| HONG KONG, Sept 11
HONG KONG, Sept 11 Banks in Asia are being
approached for an up to $1.7 billion financing to back Carlyle
Group-led deal to buy Focus Media Holding Ltd, the
biggest ever delisting of a New York-listed Chinese company,
Basis Point reported on Tuesday, citing bank sources.
U.S. buyout fund Carlyle and some of China's top
private equity funds are aiming to buy out Focus Media for $3.5
billion, a firm directly targeted by shortseller Muddy Waters.
The financing is critical to the success of the buyout plan.
Citigroup, Credit Suisse and DBS Bank
are leading the three-part buyout financing, which
consists of a $950 million to $1 billion term loan, a $200
million to $300 million bridge-to-bond facility and a $450
million cash bridge, Basis Point reported.
The term loan is expected to have a five-year tenor, while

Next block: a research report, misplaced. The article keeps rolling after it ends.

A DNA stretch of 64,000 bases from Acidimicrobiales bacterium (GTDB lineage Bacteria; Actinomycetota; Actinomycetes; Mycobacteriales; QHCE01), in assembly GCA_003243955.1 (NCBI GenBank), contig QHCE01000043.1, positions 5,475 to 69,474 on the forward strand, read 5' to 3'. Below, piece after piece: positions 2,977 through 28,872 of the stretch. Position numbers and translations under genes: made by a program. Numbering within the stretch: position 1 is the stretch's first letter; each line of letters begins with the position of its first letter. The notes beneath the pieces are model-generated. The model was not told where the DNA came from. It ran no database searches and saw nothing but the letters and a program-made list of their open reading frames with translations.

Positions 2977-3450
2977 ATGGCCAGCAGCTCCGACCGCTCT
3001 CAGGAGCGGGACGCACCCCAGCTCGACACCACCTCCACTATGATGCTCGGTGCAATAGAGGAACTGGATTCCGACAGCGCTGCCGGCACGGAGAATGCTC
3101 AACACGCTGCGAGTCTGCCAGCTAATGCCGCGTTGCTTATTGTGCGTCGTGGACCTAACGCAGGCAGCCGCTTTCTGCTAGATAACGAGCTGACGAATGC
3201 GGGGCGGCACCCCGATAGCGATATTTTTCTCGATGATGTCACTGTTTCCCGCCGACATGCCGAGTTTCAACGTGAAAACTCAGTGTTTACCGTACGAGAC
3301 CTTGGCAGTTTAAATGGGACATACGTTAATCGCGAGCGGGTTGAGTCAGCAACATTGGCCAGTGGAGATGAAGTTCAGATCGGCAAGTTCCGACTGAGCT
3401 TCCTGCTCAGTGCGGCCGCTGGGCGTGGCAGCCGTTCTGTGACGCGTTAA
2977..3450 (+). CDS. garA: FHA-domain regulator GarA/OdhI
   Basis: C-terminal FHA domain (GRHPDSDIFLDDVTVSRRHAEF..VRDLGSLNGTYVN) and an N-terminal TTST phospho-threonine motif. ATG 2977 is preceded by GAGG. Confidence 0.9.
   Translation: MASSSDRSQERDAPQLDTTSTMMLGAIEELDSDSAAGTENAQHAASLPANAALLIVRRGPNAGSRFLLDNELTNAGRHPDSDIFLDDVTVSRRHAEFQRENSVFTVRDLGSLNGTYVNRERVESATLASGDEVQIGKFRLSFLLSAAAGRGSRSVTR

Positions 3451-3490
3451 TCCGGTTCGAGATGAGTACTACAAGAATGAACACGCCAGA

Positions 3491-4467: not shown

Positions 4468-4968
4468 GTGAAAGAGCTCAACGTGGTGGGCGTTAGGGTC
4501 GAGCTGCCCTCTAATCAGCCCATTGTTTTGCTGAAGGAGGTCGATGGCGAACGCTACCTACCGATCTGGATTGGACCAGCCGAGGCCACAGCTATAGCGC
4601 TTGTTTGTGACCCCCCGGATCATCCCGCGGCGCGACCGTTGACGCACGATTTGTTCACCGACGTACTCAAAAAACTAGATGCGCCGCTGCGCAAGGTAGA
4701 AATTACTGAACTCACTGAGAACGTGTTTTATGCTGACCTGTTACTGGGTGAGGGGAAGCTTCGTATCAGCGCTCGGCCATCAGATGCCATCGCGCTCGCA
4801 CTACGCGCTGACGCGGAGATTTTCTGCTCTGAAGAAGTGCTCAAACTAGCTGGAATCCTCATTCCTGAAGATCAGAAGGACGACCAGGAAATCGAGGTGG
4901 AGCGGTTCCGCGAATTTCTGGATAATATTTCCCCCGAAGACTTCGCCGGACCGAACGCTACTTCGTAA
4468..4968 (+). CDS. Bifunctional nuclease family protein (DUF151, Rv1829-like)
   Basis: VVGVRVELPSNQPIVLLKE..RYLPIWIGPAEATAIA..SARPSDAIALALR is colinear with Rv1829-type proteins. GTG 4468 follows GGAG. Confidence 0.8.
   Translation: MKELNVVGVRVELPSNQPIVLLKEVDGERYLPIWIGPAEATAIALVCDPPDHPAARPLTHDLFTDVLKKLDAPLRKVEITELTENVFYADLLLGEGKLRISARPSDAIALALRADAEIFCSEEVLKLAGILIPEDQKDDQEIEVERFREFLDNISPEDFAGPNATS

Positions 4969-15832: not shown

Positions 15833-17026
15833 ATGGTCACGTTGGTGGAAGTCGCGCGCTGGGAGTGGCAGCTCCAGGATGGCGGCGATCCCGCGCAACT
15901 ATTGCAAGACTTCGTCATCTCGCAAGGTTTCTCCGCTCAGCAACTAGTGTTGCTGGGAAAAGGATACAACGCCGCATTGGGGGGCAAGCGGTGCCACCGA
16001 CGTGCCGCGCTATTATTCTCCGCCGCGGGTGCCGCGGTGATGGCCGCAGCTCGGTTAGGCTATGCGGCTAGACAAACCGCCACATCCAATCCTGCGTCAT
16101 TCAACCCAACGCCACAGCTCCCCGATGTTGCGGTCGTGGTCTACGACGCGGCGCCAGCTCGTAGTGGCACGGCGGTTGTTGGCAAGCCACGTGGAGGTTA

the bridge financings will have six- to nine-month maturities,
the report added.
The company is looking to put together an underwriter group
of six or seven banks and terms of the financing are likely to
be finalised in about two to three weeks, Basis Point said.
At least eight banks, not including M&A advisers Citi,
Credit Suisse and DBS, have been sounded out, the report said.
The deal will back a consortium of buyers which includes
Carlyle, CITIC Capital Partners, CDH Investments, China
Everbright Ltd, Fountainvest Partners and Focus Media
chairman, Jason Nanchun Jiang.
The offer to take Focus Media private is the latest, and
biggest by some distance, in a string of attempted
management-led buyouts by U.S.-listed Chinese companies, whose
reputation among U.S. investors has suffered after a series of
alleged accounting scandals.
Private equity funds have been picking over hundreds of
China firms listed in the United States, looking for viable
takeover targets, but until now the deals have all been below $1
billion, largely because of difficulties getting financial
When announcing the privatisation plan in mid-August, the
Nasdaq-listed company stated that the three banks had asserted
they were highly confident of underwriting a financing.